Plastics and pathos: The making of Oldenburg’s Airflow

by David Greenhalgh, Curatorial Assistant, Kenneth Tyler Collection

Moving backward, moving forward

In the early 1930s a box-shaped car with a curved rear luggage compartment took to the streets of Detroit and began to turn heads. It was an early Chrysler that had been reengineered so that the driver could easily drive it backwards – its curved rear gliding headlong through the traffic, dragging behind it the spluttering, angular hood and engine. This was urban theatre designed to stoke the intrigue of the public. It was to herald the impending arrival of Chrysler’s Airflow automobile: the first streamlined car in the United States. This new car had a curved design that reduced drag when driving at high speed, and when it was released, it struck people as both futuristic and biomorphic, with advertisements billing it as the ‘creation of nature and man working hand in hand and side by side’[1]. The Airflow was a commercial failure. Its curvilinear body was too unusual for public taste and it was discontinued after three years of production. Despite this, the Airflow changed the course of automobile history, with aerodynamic design becoming integral to all future cars.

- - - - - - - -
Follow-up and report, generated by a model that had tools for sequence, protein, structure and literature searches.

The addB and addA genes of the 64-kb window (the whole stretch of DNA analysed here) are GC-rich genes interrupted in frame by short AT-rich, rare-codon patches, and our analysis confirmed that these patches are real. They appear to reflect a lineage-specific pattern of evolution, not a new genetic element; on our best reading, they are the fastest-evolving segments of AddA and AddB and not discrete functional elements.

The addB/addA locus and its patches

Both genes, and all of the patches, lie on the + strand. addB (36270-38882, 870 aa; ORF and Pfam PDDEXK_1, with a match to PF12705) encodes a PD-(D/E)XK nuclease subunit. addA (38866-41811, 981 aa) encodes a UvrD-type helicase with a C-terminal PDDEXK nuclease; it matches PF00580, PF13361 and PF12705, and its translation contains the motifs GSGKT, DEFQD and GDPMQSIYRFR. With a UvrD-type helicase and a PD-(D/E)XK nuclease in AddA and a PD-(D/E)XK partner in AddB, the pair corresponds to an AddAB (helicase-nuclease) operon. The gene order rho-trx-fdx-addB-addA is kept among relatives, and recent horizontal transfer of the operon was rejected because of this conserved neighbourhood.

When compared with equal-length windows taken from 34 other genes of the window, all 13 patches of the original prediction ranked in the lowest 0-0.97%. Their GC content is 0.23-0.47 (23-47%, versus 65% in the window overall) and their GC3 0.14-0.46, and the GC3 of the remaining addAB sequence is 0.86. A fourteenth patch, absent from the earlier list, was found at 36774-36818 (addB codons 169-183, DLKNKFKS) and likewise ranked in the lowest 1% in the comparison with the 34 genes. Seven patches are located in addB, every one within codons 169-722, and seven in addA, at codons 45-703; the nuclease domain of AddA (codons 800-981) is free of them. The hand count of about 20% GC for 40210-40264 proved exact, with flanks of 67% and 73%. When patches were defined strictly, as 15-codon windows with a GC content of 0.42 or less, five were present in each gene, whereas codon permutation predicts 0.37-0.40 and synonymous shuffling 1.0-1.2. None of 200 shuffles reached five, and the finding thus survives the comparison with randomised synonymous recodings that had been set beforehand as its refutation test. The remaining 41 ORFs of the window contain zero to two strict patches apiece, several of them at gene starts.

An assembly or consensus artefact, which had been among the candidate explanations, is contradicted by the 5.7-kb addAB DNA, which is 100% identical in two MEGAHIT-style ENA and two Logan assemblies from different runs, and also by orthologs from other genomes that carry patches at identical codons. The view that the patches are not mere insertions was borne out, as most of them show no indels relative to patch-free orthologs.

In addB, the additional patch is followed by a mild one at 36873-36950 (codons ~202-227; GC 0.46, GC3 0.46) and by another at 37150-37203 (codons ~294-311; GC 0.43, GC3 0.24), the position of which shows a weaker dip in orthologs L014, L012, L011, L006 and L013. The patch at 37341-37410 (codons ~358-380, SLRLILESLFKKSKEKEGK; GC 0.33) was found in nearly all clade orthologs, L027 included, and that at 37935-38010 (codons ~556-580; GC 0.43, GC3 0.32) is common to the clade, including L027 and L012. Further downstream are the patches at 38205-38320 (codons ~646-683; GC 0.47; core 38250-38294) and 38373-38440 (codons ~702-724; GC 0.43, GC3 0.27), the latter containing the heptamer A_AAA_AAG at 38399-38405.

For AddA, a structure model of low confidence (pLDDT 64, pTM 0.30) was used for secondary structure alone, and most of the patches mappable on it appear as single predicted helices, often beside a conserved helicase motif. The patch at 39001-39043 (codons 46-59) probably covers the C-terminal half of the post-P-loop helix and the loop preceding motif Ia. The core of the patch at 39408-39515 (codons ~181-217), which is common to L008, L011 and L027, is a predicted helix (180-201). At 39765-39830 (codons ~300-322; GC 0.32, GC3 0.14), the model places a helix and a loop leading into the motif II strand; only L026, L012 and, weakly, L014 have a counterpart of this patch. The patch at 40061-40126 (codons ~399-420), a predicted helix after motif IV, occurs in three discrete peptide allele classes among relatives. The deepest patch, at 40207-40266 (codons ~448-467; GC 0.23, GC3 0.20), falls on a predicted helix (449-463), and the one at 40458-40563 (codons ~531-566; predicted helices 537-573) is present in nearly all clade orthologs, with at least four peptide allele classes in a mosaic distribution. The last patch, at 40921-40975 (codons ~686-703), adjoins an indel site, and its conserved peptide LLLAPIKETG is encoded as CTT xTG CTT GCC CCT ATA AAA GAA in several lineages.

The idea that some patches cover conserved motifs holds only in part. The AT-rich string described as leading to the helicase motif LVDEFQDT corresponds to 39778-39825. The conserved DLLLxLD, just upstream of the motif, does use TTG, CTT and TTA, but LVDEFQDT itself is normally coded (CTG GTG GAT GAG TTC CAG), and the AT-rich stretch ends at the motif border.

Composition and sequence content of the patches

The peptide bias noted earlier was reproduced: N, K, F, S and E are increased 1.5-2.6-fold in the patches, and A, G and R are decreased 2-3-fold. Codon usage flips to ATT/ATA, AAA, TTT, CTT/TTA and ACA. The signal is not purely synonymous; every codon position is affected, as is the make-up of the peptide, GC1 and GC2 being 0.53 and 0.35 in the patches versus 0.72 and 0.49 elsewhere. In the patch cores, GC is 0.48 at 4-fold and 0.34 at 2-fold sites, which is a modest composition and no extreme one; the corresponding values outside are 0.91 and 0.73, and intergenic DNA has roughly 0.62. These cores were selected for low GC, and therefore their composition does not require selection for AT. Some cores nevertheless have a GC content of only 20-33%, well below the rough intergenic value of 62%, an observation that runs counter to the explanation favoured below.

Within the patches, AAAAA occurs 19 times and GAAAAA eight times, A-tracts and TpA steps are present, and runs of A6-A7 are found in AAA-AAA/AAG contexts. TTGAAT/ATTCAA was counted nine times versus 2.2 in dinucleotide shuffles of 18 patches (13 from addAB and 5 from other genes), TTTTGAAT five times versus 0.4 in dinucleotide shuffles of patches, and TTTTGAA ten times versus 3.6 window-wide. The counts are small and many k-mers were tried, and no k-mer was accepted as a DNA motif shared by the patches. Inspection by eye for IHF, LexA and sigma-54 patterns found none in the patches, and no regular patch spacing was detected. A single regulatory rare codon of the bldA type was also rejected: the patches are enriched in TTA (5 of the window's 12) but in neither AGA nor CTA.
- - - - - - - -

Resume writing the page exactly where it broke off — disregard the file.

A Gemini employee inspects the newly re-cast Profile Airflow. Photo: Peter Balwan, 1972

The Ideal American Sculpture

For Claes Oldenburg, the car was an ‘inexhaustible’ source of subject matter for art.[2] The significance of the Chrysler Airflow was not lost on him: he saw the Airflow as a kind of ideal American sculpture shaped in equal measure by functionality and aesthetics. He also thought of the car as a mobile art gallery containing smaller sculptural parts – the engine, the fender, the furniture – all works of art that possessed both personality and libidinal connotations.